I have had the opportunity to help present the design the future site of a non-profit organization known as the Bahamas Habitat. While I have not been the one designing the project, I have had the opportunity to be involved with the representation aspect of it.

University of Minnesota - B.A. Arch '11

What was the most important thing/skill/concept you learned at the School of Architecture?
How to take and give criticism.

Who made the most lasting impression (most influenced you) and why?
Professor Rachel Lannacone took the time to get in touch with me after classes and study abroad had ended.

What is your favorite memory from your studio days?
Sophomore year I had to bring my DF2 project with me to our rowing spring training trip in Tennessee. I kept it in a cardboard box in our hotel room. I returned from practice and it was gone. PANIC!!! That was two months of work just g-o-n-e. I searched the bowels of the hotel and a senior on my team helped me dumpster dive for two hours. Failure was not an option. Long story short, with a little perseverance, we found it in a maid closet.

Please identify one (or more) memorable design project that you worked on while a student at the School of Architecture.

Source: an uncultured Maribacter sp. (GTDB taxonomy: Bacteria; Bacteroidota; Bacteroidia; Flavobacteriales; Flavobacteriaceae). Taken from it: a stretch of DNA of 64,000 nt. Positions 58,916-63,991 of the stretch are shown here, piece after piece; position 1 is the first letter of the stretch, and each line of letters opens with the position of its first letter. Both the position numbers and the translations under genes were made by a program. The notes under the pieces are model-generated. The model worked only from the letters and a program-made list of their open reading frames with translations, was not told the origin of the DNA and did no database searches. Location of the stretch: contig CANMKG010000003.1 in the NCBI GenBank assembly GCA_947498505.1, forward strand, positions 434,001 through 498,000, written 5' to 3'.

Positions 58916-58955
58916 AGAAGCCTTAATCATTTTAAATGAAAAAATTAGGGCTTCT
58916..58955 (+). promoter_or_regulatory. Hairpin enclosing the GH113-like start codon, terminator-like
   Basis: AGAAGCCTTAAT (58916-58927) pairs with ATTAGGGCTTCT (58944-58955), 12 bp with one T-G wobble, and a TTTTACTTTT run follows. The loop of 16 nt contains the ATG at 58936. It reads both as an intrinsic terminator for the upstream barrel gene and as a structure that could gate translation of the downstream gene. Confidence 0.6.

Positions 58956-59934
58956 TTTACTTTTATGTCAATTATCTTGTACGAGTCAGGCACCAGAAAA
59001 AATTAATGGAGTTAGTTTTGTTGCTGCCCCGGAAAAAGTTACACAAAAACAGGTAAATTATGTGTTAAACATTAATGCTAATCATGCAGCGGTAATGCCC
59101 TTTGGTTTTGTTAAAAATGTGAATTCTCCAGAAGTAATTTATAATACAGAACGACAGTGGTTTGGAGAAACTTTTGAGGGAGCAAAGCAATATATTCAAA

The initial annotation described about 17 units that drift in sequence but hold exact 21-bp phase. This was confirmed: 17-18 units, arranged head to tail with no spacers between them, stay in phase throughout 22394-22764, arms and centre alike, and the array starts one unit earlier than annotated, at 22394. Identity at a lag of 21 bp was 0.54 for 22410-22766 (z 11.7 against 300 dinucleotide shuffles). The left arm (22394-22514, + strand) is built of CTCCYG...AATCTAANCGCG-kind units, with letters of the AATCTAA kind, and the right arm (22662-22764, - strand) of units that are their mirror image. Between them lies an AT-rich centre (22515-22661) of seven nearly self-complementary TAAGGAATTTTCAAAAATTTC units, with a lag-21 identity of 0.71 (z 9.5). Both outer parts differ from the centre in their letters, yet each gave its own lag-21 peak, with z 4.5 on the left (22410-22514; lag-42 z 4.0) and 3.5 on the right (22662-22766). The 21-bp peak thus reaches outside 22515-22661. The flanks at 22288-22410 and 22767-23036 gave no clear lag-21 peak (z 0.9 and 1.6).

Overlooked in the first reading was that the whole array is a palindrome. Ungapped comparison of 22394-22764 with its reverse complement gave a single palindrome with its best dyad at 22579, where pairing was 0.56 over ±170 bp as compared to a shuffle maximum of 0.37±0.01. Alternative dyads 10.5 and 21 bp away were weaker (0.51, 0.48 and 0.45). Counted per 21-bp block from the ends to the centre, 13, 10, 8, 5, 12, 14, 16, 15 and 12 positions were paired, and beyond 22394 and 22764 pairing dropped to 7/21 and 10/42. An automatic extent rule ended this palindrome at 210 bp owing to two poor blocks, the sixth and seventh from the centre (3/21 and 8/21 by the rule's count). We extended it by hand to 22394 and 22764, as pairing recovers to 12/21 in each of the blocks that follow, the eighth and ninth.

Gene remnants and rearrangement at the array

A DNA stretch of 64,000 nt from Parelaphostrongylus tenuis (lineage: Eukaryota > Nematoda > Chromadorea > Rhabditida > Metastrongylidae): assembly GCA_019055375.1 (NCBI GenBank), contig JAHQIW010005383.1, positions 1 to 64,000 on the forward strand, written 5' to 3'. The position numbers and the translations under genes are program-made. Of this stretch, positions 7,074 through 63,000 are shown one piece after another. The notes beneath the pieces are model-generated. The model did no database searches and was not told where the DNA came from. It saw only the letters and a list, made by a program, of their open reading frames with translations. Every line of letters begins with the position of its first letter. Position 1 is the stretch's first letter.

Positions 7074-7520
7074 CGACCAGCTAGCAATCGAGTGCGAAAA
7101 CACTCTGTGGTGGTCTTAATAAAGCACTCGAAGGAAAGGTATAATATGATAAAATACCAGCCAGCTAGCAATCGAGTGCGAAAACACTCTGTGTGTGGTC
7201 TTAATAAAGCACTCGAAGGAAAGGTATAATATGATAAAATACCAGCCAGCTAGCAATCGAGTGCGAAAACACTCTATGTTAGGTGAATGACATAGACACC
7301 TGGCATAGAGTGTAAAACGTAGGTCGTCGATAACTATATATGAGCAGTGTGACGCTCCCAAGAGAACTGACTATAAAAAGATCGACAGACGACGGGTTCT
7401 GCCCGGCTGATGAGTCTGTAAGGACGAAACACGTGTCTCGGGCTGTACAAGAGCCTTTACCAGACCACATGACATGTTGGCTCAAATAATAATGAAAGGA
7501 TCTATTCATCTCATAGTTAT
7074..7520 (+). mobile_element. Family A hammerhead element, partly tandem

In drawing class we expanded on a Piranesi etch. I still have mine displayed in my house and often get compliments.

What major forces (such as individual architects, design philosophies, rendering styles, research methods, etc.) do you remember influencing you significantly as a student?
"Design isn't about symbolism." -my first architecture project critique fall of my freshman year.

University of Minnesota - M.Arch '12

What was the most important thing/skill/concept you learned at the School of Architecture?
Networking.

Who made the most lasting impression (most influenced you) and why?
Andrzej Piotrowski for his tireless dedication in the pursuit of ending incompetence and Jim Lutz for helping me make the transition from wide-eyed student to professional.

What is your favorite memory from your studio days?
Not having to pull an all-nighter...ever.

Please identify one (or more) memorable design project that you worked on while a student at the School of Architecture.
My time in Haiti is at the top of the list. The Soap Factory Project in Andrzej Piotrowski's class was a great project as well.

What major forces (such as individual architects, design philosophies, rendering styles, research methods, etc.) do you remember influencing you significantly as a student?
Again, Andrzej Piotrowski pushing me to my potential and helping me discover better working methods. I will also cite Adam Marcus as an influence on my desires to become a professional at a much younger age.